Kids with mild OSA also benefit from adenotonsillectomy

4 minute read

But an Australian expert says there are some lower risk paths that could get the same result.

Adenoidectomy is on the table for children with mild or moderate sleep apnoea, US research has confirmed.

And an Australian expert says it adds to the range of other good options available for these kids.

Surgery can objectively improve quality of life, behaviour, symptoms and blood pressure, but not cognition, in children with habitual snoring, including those with an Apnoea-Hypopnoea Index score lower than 3, the randomised trial of 459 children aged 3-12 years found.

The children in the study received either an early adenoidectomy or were assigned to watchful waiting and were followed up for 12 months. All of the children had a polysomnogram to confirm that they had mild sleep apnoea.

Those in the surgery group improved more in terms of behavioural problems, sleepiness, symptoms, and quality of life than the children in the watchful waiting group. They also had greater reduction in systolic and diastolic blood pressure percentile levels in those 12 months (-9.2 vs -6.2) and fewer had their sleep apnoea progress to an AHI score of 3 or above (1.3% vs 13.2%). None of the children who had surgery went on to develop moderate OSA (AHI greater than 5), compared with 7.2% in the watchful waiting group.

In a commentary published in JAMA, paediatric ENT Professor Norman Friedman from the Children’s Hospital Colorado, said the research was useful for shared decision-making and “a must-read for all physicians who take care of children.”

“For otherwise healthy children with substantial quality-of-life and behaviour concerns, an [adenotonsillectomy] is an option to improve symptoms. For any families who are unsure about the need for surgery, [polysomnography] plays a pivotal role. For those who chose watchful waiting, families need to be educated on [sleep disordered breathing] symptoms, since some of these children will progress to develop moderate OSA,” he wrote.

“[C]hildren with habitual snoring/mild [sleep disordered breathing] but a low AHI may be candidates for an [adenotonsillectomy] when daytime symptoms are present and caregivers feel that the risks of surgery are outweighed by the disease burden.”

Associate Professor Larry Kalish, head of the Ear Nose and Throat Department at Sydney’s Concord Hospital, told TMR the research confirmed that surgery was a useful option in some cases, but that other treatments were available which in many cases could provide similar benefit for less risk.

“In the rural areas or even just outskirts of city, the demand for and volume of these operations is high,” he said.

“And you’ll find the majority of patients have got severe obstructive sleep apnoea. In the centre of the cities, you’ll find that there’s a more select cohort and a lot of these patients probably have mild to moderate [OSA].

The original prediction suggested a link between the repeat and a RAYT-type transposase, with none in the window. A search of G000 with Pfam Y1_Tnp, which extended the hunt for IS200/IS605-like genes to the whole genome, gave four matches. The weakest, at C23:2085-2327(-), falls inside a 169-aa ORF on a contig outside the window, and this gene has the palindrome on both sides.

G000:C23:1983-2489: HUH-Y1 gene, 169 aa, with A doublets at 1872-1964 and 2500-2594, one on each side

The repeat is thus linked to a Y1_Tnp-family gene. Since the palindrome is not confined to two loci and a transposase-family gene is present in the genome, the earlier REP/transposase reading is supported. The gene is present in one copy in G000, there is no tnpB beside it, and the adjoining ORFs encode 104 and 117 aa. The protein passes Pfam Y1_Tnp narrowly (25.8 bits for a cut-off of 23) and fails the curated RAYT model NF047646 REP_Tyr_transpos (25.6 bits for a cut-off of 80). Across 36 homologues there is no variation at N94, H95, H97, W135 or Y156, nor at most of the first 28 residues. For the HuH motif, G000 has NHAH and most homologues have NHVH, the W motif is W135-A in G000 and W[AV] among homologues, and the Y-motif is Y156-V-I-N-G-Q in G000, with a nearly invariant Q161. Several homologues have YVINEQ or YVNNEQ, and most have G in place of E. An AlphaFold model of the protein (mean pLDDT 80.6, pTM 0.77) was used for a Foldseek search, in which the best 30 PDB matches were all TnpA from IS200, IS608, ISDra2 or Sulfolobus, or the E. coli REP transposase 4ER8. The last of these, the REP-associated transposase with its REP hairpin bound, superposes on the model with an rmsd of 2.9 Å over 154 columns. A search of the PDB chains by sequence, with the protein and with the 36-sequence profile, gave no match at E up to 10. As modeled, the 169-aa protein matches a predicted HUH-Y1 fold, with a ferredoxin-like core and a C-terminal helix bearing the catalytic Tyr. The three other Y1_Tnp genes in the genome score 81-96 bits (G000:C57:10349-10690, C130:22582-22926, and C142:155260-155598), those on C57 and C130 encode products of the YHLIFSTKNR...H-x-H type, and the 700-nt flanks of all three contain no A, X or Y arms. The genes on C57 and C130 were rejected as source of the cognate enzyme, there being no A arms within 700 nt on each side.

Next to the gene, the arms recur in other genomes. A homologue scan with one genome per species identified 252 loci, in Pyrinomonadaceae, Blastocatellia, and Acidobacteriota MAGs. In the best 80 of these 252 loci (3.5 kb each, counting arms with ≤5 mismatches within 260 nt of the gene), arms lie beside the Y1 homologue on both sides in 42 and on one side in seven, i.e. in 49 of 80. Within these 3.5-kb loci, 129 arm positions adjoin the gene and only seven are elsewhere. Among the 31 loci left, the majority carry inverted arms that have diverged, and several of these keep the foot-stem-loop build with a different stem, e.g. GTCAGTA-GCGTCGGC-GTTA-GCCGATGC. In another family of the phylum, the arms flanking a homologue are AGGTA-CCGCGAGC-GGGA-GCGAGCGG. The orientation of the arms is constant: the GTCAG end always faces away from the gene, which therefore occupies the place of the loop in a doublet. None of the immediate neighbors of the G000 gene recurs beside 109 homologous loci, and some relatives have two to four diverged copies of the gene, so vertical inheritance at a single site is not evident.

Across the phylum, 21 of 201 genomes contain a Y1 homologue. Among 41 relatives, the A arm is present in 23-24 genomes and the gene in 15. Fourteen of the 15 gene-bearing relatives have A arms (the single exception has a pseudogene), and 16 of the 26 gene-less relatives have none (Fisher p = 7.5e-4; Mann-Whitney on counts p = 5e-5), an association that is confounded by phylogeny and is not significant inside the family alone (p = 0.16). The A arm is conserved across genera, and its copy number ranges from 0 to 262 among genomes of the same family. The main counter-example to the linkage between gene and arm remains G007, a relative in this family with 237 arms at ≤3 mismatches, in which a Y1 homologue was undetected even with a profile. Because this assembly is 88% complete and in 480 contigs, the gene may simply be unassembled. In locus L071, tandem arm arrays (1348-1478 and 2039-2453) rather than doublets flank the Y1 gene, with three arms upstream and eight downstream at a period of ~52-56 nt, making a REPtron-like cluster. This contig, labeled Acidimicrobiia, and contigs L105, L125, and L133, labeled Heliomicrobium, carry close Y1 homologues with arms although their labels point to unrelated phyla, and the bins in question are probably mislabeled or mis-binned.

“We don’t push [the latter] patients to have an operation. There are quality of life improvements. There are definitely benefits, but watchful waiting is very sensible.”

Sleep studies were difficult to access and expensive, said Professor Kalish, and so his practice was to recommend them for “mismatched” patients; that is, those for whom surgery was clearly indicated but were not sure of the need, and those who wanted the operation but there wasn’t clinical justification for it.

For many patients, improving nasal airflow could make a big difference, said Professor Kalish, because blocked nose was a big driver of daytime somnolence, behavioural changes and facial growth.

“The discussion for most contemporary doctors is addressing the nose without touching the tonsils,” he said.

So if you’ve got a child that has grade one, two, maybe even smaller tonsils, just addressing the nose may be very beneficial.

“That might be addressing the allergy, the congestion, removing the adenoids or even surgically addressing the turbinates. It can really impact quality of life and improvements, probably to a similar extent.”

Steroid sprays for the nose could help, he said. Commercially available phone apps could also give a good indication of whether the child was mouth breathing by monitoring and reporting their snoring more reliably than a parent’s observations and seeing whether that improved by addressing the blocked nose. The nose could be further investigated with an X-ray or a camera to look for large adenoids.

When surgery was the chosen path, most doctors were now looking at tonsillotomy, rather than tonsillectomy, which would get the same outcomes as those seen in the study with a lower risk profile, said Professor Kalish.

“You don’t remove the whole tonsil. You just shave it back using a coblation device. It’s less painful and there’s lower bleed risk. The study had a 2.6% bleed rate, whereas a tonsillotomy has less than 0.4% bleed rate,” he said.

JAMA Otolaryngol Head Neck Surg. 2023, Online 5 December 2023

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